Perhaps, but look at it another way. That Mac Pro you buy today for$2,800, if the next nine years are anything like the last nine years,will still be capable of basic computing tasks and will be far fromleft behind. Those two server-class quad-core Xeon processors are notsoldered to the logic board, so they can be upgraded if needed, atleast for another three or four years worth of technology. The videocard is mounted on the latest and fastest double lane PCIe bus, againassuring you of many upgrade options in the years to come. 32 GB memorycapacity and four SATA drive bays, not to mention those PCIe slotsensure that as new technologies emerge, the Mac Pro you buy today willkeep pace - and for far less than the cost of a new Mac.

We don't know what new technologies will emerge in the next nineyears, but PCI Express, a 1600 MHz front side bus, and upgradable dualquad-core processors will take many years to leave behind. Looked atanother way, a Mac Pro at $2,800 used for nine years costs $311 peryear.

Low End Comparison

Compare that to a lower-end Mac. In 1999, you could have purchased aG3 iMac, and that machine alsohad a long useful life and arguably can still be used today. Morerealistically, that G3 iMac would have been replaced once or twice bynow.

Let's say that you bought the entry-level 350 MHz G3 iMac for $1,000,skipped the very cool G4 iLamp model, and then bought the base 17"G5 iMac around 2004 for$1,300. Now with 2009 approaching, the performance of your G5 iMac isprobably about the same as my upgraded Power Mac G4, meaning adequatein terms of processor power, video, and storage, but nearingobsolescence as new technology finally approaches that machine'slimits.

You can buy the latest Core 2 Duo iMac and enjoyanother four years before technology again catches up. Looked atanother way, a low-end 20" iMac today costs $1,200, which comes to $300per year.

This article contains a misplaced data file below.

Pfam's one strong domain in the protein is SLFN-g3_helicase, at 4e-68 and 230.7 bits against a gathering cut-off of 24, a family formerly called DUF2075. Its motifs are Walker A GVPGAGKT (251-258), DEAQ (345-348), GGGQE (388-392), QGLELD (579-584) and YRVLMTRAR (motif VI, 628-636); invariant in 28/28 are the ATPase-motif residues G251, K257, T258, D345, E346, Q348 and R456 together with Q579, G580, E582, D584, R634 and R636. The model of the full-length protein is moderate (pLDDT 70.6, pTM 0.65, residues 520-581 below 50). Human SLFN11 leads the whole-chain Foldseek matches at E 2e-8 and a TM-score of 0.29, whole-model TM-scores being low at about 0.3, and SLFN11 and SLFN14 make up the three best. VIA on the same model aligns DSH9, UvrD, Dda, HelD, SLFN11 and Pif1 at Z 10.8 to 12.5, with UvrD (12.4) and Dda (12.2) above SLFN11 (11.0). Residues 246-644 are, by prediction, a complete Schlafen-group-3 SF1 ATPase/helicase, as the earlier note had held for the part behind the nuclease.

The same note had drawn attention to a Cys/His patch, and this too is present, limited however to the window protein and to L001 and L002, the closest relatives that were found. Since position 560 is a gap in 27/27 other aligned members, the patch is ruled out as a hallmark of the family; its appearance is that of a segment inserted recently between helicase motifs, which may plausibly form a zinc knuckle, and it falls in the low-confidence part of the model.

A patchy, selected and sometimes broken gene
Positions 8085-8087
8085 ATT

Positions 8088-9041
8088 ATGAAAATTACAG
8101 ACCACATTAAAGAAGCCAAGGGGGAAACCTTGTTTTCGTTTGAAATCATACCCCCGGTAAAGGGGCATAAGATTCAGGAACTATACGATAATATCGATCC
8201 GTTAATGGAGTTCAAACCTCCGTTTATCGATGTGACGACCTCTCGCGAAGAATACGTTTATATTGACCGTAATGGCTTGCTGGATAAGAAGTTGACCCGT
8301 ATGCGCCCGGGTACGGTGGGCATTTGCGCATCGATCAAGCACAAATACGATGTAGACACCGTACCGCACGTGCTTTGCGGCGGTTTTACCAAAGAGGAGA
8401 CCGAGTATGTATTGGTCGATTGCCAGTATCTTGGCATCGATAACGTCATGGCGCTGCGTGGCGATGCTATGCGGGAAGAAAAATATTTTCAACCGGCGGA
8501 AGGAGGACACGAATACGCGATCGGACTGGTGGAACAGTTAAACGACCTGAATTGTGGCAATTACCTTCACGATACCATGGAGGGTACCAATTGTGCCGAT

The iMac is a bit cheaper, but in the first four years, the timewhen you are using the iMac and Mac Pro purchased at the same time, theMac Pro will give far higher performance. Over the next three years, ifyou compare the old 1999 Power Mac with upgrades to a then-new G5 iMacin 2004, you are still getting about the same processor performance(dual G4s about equal to a low-end G5) and the possibility ofhigher-spec video, RAM, and storage.

Pro Macs Are More Flexible

Even at the end of its life, the old Power Mac has more versatilestorage options than the latest and greatest iMac of today, just as theMac Pro at age nine will likely compare favorably to the 2017 iMac.

This, of course, leaves out displays, which do wear out. On theiMac, you can plug in a second display and pay a repair shop to replacethe original display when it dies, while with a Mac Pro you can connectas many displays as you want and replace them as they wear out or youwant something better.

I used a 17" CRT with my G4 in 1999. In 2002, I bought a 15" LCD. In2004, I moved to a 19" LCD and kept the 15" LCD on a second video card.In 2006, I moved to dual 19" LCDs, and in 2007 upgraded again to dual20" widescreens as the 19" 4:3 displays were repurposed throughout theoffice.

An iMac did not and does not have that flexibility. Yes, today'siMac displays are large and pretty, and I really cannot imagine thembecoming obsolete anytime soon, though I thought the same about my 17"CRT, 15" LCD, and 19" LCD. I can't justify the cost, but the Mac Prowill drive up to 8 30" displays, though I do see a pair of 24" inchersin my future.

If you plan on maximizing the useful life of a computer, it reallycan make sense to buy at the high end. LEM